Contents for Ezine 65 – Shutdown Exchange Services
- This Week’s Secret
- Mission to shutdown Exchange 2003 quickly
- Example – To shutdown Exchange 2003 server
- Windows 8 Shutdown Command
- Summary – Shutdown Exchange Services
Have you noticed how every mother truly believes that their own baby is the most beautiful newborn in the world? Well that is how I feel about this week’s script. However, unlike many of those mothers, I realize that you may not share the view that my script has a beautiful WMI body, a pretty select case and charming for… each loop!
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In keeping with recent ezines, this week’s script works at two levels, it has a clear mission, and is full of handy scripting devices. My mission is to reduce the time it takes to shutdown or reboot an Exchange 2003 server. The learning points are to apply the Select Case statement and to persuade WMI* to stop the operating system’s services.
The script’s purpose is to stop just Exchange Services. Then, when you shutdown or reboot the Exchange Server the operation will be much quicker. Have you noticed that shutting down Exchange 2003 on a Domain controller takes over 10 minutes longer than a normal Windows 2003 shutdown? This is most noticeable in test domains where there is only one DC and Global Catalog server. This script is ideal for that test Exchange 2003 server.
* WMI – Windows Management Instrumentation, a VBScript method to ‘hook’ into the operating system.
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Firstly, do not get carried away with pure scripting goals. Realize that my script will actually shutdown your Exchange services. Therefore, either run it on test server, or change the values for strServiceX to relatively harmless services like Messenger or BITS.
- Copy and paste the script below into notepad. Alternatively, get a trial copy of OnScript.
- Save the file with .vbs extension e.g. StopService.vbs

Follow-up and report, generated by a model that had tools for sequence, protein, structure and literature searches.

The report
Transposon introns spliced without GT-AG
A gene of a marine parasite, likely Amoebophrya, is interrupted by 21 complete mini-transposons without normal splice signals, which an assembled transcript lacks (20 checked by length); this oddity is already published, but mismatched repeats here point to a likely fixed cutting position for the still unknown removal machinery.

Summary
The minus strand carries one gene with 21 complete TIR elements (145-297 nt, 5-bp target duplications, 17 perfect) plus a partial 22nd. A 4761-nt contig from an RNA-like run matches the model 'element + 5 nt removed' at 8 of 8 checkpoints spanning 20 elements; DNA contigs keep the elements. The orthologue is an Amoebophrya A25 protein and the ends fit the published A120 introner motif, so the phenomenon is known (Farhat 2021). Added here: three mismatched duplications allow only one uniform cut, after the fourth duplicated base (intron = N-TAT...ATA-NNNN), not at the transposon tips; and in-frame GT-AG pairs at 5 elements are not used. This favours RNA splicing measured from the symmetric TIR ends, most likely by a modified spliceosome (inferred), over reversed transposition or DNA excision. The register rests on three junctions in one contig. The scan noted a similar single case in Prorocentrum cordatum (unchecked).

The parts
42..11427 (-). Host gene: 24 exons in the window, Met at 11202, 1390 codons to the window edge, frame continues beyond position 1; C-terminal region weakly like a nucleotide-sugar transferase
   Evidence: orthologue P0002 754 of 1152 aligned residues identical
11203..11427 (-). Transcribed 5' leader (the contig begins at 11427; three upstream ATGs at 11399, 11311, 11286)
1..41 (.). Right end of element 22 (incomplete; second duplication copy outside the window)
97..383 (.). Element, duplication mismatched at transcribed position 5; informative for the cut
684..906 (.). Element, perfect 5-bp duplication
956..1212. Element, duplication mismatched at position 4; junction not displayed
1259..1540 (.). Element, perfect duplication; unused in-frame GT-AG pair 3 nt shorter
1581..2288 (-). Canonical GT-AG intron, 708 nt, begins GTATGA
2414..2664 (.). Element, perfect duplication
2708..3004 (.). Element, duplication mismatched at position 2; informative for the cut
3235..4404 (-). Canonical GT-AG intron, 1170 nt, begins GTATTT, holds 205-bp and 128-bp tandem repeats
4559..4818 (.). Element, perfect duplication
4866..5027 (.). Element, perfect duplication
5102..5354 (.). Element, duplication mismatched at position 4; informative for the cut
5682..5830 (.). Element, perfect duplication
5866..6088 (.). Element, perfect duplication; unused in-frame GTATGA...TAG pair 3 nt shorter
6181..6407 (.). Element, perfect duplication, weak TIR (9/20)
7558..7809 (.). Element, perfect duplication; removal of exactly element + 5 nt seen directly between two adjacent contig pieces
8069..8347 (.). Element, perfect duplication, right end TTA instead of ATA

- Double click and then check the message box.
- Check the Services.
- Note: This script does not shutdown the server, so either reboot manually or add extra code as explained in the Challenges.
- Note: If you do not have an Exchange 200x server, then alter the strServices to Alerter, BITS or other suitable services.
‘ Author Guy Thomas https://computerperformance.co.uk
‘ Version 2.6 – February 27th 2005
Dim objService, objWMI, colListOfServices, intExSrv
Dim strService1, strService2, strService3, strService4
Dim strComp, strWMIsrv
‘ Amend strService if you do not have exchange e.g. Alerter
strService1 = "MSexchangeIS"
strService2 = "MSexchangeMTA"
strService3 = "MSexchangeSA"
strService4 = "MSexchangeSRS"
intExSrv = 1
‘ Loops through all the Exchange services
‘ Uses Select Case rather than If then Elseif, end if.
For intExSrv = 1 To 4
Select Case intExSrv
Case 1 strWMIsrv = strService1
Case 2 strWMIsrv = strService2
Case 3 strWMIsrv = strService3
Case 4 strWMIsrv = strService4
WScript.Echo "strWMIsrv = " & strWMIsrv
‘ Section using WMI to interrogate the services
‘ Note "." means local computer.
‘ Note strWMIsrv in Line 37 (ish)
strComp = "."
Set objWMI = GetObject("winmgmts:\\" & strComp & "\root\cimv2")
Set colListOfServices = objWMI.ExecQuery("Select * from " _
& "Win32_Service Where Name =’" & strWMIsrv & "’")
‘ See how it cycles through colListofServices until it gets a match
‘ Then stops the objService
For Each objService in colListOfServices
WScript.Echo "Now check: Services, MS Exchange xx" & vbCr _
& "This script cuts the time it takes to reboot your Exchange server."
‘ End of example VBScript
Note 1: I am fond of Select Case, where ever possible I use this construction in preference to endless: if, then, elseif, elseif, elseif, endif.
Note 2: The heart of the script is GetObject("winmgmts…) Here is where VBScript employs WMI to manipulate the operating system.
Note 3: Many of these WMI scripts use collations. (Like a collection.) Observe the: For Each objService in colListOfServices
Amend the script to start services. Starting the services is fun for testing, useful in production. Example, change line 41 (ish) objService.StartService()
Add a shutdown command at the end of the script, for example:
shutdown /l /t:20 /r (Lower case L means local, t means time delay in seconds, r means reboot). See more in Ezine 45 shutdown command
Perhaps you have noticed that Exchange 2003 takes much longer to shutdown than SQL or even Windows 2003? This effect is most noticeable where Exchange is on a Domain Controller. The trick is to shutdown the Exchange Services before you shutdown the Windows services. We achieve this mission with a classic VBScript.
See more about shutdown instructions.